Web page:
One area where the Latitude and ThinkPad are again similar is in the keyboard department—and that's a good thing. ThinkPad has the ThinkLight while Dell offers LED backlighting (I wish the E6410 Intel ordered included LED backlighting…), but both have a similar keyboard design and feel. Having used both, I actually found I prefer Dell's keyboard in most regards. One of my few complaints with the keyboard is something I've mentioned with other Dell business laptops (i.e. the Precision M6500): there's no "context menu" key (usually found in the lower-right area between the CTRL and ALT keys). It's something I can live without, but I do miss it on occasion. Key travel and feedback is good, there's no flex to speak of, and it's a spill-resistant design. In fact, other than a few minor differences the keyboard is almost a clone of the ThinkPad design, including a TrackPoint equivalent in the center for those who dislike touchpads.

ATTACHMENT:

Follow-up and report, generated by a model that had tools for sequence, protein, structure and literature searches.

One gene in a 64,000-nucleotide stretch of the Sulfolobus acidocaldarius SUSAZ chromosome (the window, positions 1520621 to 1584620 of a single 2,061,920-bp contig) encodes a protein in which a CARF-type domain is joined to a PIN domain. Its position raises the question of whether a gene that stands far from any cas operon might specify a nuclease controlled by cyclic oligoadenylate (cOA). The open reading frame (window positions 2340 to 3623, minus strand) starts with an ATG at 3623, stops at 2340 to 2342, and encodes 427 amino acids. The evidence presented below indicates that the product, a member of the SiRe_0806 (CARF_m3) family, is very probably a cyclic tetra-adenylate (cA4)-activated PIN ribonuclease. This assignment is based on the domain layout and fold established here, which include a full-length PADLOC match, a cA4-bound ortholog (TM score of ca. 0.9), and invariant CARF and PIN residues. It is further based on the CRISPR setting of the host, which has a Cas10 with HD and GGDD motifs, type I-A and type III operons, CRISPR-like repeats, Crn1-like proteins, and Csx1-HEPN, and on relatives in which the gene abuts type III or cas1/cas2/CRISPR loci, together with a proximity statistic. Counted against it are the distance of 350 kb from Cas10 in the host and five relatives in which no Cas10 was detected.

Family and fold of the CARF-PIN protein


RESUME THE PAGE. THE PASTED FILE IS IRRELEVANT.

Speaking of the touchpad, that's where we start to encounter more noteworthy differences. Dell's touchpad includes the expected gesture support, but it's on the very small side for a 14.1" laptop. When you combine the touchpad with the Track Stick and its three associated buttons, plus the rather large touchpad buttons, you start to run out of room fast. Dell also has an extra inch gap between the LCD and the top of the keyboard, so the palm rests are smaller than the Lenovo T410. While the feel of the keyboards is nearly equal in my book (with a slight nod to Dell), the layout and position of the keyboard and touchpad is slightly better on the ThinkPad. Then again, I'm not much of a fan of the Track Stick/TrackPoint and would happily give that feature up to reclaim some space for a large touchpad. Ultimately, I have hailed the ThinkPad keyboard as my favorite laptop keyboard based purely on the typing experience, and I'd say the current Latitude matches it. They're both solid and provide good feedback, without going for style points like so many chiclet designs.